Sunday, October 9, 2016

Our house of dreams is finished, and we get a look up close with new friends

Two days ago, Lucy and I arrived back at our home inside the walls of Montecarlo. Yesterday we visited one of our former  “dream homes,” a once run-down casa rustica in San Salvatore that five years ago had inspired us to envision buying a house here. It is no longer crumbling, sagging and dilapidated—very much the contrary. It is now a shining example of the splendid transformation that a good portion of tender loving care and money can render.
Lucy standing atop the river levy in 2010.

We noticed last summer that the derelict house, visible from the train tracks and also via Mattonaia, had a construction crew working on it. We felt a certain nostalgia because we had often looked longingly at the place, even though we knew it would never be ours. We had decided that fixing it up would be too costly, or at least too time-consuming. We wanted to come to Montecarlo to relax and mingle with Italians, not work on houses—we already had plenty of work to do on our houses in Gig Harbor.
After a total transformation, Kjetil, Laila and Lucy converse outside the train house.

But we were also content to see that someone had shared our interest and vision for what we sometimes called “the train house,” and we looked forward to seeing what it would look like when finished. We assumed that we would only get to see the finished exterior, but through a happy set of circumstances, we are also able to tour the interior.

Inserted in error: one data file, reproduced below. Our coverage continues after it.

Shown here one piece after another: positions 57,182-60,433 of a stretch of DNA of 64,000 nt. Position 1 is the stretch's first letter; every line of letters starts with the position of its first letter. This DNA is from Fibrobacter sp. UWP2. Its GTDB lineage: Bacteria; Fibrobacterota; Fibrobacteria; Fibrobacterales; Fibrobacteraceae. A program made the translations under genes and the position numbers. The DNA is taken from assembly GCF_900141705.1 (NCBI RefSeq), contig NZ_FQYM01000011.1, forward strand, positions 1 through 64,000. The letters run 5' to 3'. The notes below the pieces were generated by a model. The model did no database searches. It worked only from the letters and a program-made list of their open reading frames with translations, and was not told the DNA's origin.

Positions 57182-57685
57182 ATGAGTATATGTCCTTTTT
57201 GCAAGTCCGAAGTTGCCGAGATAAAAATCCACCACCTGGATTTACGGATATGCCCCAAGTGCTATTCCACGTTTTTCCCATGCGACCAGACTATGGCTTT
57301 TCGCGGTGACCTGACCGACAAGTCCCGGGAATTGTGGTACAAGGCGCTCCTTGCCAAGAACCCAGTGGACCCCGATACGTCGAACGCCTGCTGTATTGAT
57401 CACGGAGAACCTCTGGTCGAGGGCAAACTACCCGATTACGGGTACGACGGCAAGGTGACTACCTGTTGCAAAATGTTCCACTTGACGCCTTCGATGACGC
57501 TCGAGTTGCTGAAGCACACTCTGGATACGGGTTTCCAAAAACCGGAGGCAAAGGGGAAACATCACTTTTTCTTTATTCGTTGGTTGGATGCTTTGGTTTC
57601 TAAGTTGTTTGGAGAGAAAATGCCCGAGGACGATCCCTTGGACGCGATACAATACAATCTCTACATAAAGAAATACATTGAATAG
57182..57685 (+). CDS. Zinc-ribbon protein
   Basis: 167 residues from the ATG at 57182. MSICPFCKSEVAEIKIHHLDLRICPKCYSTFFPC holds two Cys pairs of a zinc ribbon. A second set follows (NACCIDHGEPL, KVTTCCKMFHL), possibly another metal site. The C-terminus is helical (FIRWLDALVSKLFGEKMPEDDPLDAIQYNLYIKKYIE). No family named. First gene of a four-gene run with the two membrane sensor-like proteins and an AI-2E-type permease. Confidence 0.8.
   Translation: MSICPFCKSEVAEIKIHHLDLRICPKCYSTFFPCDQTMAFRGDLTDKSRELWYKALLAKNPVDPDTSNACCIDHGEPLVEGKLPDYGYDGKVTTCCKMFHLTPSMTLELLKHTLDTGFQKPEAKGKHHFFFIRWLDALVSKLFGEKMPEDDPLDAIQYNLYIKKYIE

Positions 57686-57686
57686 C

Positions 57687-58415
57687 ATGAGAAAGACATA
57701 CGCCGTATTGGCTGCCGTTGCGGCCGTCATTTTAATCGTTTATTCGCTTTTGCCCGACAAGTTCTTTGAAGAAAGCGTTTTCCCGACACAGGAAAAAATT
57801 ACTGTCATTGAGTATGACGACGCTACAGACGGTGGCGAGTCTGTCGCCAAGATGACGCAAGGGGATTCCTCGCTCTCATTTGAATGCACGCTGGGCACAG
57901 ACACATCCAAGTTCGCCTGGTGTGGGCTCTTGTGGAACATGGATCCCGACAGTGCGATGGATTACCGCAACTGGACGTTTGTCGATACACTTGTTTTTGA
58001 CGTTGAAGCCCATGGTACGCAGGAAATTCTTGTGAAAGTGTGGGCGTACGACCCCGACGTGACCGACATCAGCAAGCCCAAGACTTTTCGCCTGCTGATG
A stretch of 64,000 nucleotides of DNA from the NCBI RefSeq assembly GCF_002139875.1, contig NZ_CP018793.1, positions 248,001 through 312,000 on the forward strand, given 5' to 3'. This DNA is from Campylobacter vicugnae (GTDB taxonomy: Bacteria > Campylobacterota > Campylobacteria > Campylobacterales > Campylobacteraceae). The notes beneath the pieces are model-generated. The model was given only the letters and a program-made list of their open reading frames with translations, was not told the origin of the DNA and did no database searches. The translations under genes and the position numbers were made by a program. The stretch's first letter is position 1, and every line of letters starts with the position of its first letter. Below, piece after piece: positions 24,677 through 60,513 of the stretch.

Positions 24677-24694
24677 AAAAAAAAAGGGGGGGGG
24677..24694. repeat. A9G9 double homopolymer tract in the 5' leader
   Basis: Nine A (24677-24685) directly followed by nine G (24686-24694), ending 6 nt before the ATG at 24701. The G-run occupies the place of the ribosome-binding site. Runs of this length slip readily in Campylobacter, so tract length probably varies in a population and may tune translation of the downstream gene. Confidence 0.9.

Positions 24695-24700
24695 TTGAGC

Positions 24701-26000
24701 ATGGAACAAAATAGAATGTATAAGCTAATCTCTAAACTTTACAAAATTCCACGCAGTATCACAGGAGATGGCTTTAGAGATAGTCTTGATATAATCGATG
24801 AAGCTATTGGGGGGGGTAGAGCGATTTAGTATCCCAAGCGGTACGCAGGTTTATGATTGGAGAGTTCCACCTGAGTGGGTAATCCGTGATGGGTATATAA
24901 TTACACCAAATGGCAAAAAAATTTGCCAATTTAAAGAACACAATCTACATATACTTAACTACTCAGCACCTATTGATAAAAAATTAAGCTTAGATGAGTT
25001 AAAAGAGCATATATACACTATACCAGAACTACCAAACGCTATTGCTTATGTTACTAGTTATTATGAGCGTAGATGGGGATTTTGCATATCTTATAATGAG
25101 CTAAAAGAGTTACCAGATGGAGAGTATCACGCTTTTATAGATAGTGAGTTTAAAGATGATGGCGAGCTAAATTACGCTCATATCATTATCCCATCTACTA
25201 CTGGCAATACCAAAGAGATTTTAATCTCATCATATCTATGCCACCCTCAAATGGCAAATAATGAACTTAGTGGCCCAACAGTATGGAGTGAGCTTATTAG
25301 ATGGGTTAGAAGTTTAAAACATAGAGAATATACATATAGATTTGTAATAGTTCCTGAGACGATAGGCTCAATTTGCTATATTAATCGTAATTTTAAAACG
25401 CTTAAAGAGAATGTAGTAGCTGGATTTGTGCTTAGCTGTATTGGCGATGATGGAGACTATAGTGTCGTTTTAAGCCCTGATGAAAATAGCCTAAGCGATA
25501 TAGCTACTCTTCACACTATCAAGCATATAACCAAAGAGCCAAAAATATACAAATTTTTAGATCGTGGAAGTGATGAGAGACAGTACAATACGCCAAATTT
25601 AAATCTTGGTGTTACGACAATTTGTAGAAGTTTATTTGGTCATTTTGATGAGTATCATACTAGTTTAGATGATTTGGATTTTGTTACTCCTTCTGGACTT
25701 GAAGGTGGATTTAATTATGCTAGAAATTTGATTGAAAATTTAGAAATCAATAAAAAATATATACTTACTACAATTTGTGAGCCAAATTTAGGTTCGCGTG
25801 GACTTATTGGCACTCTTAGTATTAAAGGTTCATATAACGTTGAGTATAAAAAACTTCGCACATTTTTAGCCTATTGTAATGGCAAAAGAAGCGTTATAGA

We had lunch in Montecarlo with the owners of the train house, Kjetil and Laila, whom I had met online by chance earlier this year. I had noticed that Kjetil had written Tripadvisor reviews in English about some familiar Montecarlo locations, and he mentioned in one that he would soon be living in Montecarlo. I contacted him through Tripadvisor and learned that it was he and Laila who had purchased the train house. I directed him to my old blog entry about his house, and we set up a time to meet.

Laila and Kjetil in front of the remodeled fireplace.
We enjoyed lunch and conversation at the Osteria alla Fortezza, where we learned that Kjetil and Laila are native Norwegians who had worked in Houston, Texas, for two and half years and were currently living in Russia, where Laila works in human resources for an oil company. Kjetil had also worked for an oil company but is now retired. They intend to make Montecarlo their permanent home when Laila retires. They are in their 60s like us, with 15 grandchildren, and we found them molto simpatici. After the meal, we drove down the hill to see what they had done with the place.

An earlier view of the fireplace, as it appeared two years ago.
The freshly stuccoed and painted outside looks almost completely new, with the exception of a few places where the original stones were left to show. The broken, missing and sometimes bricked-over windows have all been replaced. The yard has been mowed and cleaned up. Inside, the transformation is even more striking. Here and there, a door or some stonework from the old house has been re-used or left exposed, but for the most part the interior looks entirely new and modern, designed in a style part Norwegian, part Italian and part American—and maybe even part Russian, for all I know.

It makes us happy to see the house in good hands and looking so beautiful. We wouldn’t have had the patience, time or money to finish it so well. We also feel fortunate to know the couple who did the work, and we look forward to continuing to develop this friendship. When we started coming to Montecarlo in 2010, we wanted to interact mostly with Italians to speed up the development of our language skills. But in the past year, we’ve realized that it’s time to reach out and find more English-speaking friends as well, and it’s comforting to know that we have so much in common with Kjetil and Laila, who will be nearby when we come here in the coming years.
The finished kitchen.

The kitchen in 2014


  1. That's absolutely amazing - how wonderful to have it back to it's glorious condition and that you have new friends

  2. What a great experience and story! Love it!


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